In the radiation image detector of the indirect conversion type, the semiconductor film 20 may be inspected prior to the wavelength converter 40 being provided. In this case, the radiation irradiation suppressing member 30 may be provided directly above a faulty pixel portion of the semiconductor film 20, and the wavelength converter 40 maybe provided thereafter. Alternatively, the wavelength converter 40 may be provided on the main body of the detector, then the radiation image detector may be inspected to detect a faulty pixel portion. In this case, the radiation irradiation suppressing member 30 may be provided on the wavelength converter 40 at a position that corresponds to the faulty pixel portion, as illustrated in FIG. 8.

Patent Citations
Cited PatentFiling datePublication dateApplicantTitle
US6919568 *Apr 8, 2003Jul 19, 2005Ge Medical Systems Global Technology Company LlcMethod and apparatus for identifying composite defective pixel map
US7049601 *Jan 15, 2003May 23, 2006Fuji Photo Film Co., Ltd.Image reading method and image recording and reading device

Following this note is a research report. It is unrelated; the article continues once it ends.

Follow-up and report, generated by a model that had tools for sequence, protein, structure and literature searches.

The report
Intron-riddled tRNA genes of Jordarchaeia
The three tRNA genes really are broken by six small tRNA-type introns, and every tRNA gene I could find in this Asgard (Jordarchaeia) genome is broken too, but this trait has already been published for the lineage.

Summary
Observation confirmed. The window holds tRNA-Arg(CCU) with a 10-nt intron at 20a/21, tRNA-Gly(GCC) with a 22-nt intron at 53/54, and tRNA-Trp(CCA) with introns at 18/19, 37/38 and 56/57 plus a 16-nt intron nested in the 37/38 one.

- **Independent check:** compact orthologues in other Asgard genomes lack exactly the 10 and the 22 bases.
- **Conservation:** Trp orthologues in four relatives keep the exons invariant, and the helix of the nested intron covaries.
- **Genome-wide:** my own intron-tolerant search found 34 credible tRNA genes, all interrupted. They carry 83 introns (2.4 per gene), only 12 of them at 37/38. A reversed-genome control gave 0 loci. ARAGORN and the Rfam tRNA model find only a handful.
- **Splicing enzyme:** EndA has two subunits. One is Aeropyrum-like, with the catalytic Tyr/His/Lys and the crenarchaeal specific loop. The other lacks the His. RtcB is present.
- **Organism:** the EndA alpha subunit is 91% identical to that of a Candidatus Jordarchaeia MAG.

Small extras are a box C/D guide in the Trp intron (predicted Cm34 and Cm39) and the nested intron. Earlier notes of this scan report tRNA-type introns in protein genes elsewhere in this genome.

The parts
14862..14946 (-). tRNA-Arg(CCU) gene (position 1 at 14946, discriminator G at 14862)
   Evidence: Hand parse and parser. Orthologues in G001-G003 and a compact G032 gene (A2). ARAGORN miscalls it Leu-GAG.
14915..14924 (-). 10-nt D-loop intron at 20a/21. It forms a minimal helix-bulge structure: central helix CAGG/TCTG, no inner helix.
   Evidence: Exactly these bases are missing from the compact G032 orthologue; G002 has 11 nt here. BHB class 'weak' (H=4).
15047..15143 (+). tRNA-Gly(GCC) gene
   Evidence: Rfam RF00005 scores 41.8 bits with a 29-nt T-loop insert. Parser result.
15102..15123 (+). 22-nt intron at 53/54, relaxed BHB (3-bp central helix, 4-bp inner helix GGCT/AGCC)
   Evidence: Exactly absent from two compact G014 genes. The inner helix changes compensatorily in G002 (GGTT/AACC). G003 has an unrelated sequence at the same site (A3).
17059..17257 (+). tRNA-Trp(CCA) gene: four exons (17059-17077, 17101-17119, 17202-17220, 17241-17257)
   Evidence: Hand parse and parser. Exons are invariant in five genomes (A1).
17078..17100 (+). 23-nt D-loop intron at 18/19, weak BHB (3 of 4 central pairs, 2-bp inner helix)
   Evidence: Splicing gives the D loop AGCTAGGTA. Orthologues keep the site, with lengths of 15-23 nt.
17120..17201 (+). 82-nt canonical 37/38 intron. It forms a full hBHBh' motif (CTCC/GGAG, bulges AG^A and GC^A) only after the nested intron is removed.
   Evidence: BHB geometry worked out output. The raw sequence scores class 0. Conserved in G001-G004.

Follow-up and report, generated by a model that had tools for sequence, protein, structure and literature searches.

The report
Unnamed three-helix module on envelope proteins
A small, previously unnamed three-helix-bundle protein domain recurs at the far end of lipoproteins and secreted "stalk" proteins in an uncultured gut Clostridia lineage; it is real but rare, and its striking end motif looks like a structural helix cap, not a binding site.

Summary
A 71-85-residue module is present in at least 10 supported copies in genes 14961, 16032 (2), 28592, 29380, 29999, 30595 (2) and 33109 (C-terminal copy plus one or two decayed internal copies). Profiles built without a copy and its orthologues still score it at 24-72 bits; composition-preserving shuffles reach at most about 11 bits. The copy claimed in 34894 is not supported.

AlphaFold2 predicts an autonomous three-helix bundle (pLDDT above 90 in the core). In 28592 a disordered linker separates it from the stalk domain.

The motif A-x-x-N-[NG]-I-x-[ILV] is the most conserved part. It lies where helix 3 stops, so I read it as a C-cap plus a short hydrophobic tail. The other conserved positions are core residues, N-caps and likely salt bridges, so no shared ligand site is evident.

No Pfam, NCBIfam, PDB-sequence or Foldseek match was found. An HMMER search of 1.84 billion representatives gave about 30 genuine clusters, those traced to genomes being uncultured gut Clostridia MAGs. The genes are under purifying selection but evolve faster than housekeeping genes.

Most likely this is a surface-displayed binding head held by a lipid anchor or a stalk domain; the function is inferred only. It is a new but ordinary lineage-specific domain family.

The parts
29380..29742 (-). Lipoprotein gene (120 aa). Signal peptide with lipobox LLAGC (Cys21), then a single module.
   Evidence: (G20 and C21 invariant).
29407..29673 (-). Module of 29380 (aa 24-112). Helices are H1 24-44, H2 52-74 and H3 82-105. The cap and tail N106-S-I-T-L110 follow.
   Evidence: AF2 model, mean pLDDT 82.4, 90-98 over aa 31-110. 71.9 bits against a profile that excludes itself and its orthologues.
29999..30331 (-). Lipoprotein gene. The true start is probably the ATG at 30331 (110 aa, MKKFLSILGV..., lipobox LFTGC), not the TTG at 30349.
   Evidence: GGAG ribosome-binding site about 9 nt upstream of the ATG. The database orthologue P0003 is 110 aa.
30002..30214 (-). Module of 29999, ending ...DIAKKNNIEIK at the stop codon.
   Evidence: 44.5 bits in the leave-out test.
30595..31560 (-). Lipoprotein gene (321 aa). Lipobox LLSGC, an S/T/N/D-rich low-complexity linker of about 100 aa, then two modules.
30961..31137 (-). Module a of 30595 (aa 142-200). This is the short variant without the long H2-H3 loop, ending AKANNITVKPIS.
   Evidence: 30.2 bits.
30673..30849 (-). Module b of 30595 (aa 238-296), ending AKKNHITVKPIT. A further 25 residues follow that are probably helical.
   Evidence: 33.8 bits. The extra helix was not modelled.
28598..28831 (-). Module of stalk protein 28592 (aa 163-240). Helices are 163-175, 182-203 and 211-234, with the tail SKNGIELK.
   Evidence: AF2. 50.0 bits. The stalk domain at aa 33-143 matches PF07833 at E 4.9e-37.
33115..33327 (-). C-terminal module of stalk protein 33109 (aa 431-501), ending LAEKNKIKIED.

US7126127Oct 1, 2004Oct 24, 2006Canon Kabushiki KaishaImage pick-up apparatus and manufacturing method thereof, radiation image pick-up apparatus, and radiation image pick-up system
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JP2005183670A Title not available
Classifications
U.S. Classification250/370.09, 378/35
International ClassificationH01L27/146
Cooperative ClassificationG01J1/0295, G01J1/42, G01J1/02, H01L27/14659
European ClassificationG01J1/02U, G01J1/42, H01L27/146F5D, G01J1/02
Legal Events
DateCodeEventDescription
Jan 16, 2008ASAssignment
Owner name: FUJIFILM CORPORATION, JAPAN
Free format text: ASSIGNMENT OF ASSIGNORS INTEREST;ASSIGNOR:MATSUMOTO, KENJI;REEL/FRAME:020372/0486
Effective date: 20071229
Apr 1, 2013REMIMaintenance fee reminder mailed
Aug 18, 2013LAPSLapse for failure to pay maintenance fees
Oct 8, 2013FPExpired due to failure to pay maintenance fee
Effective date: 20130818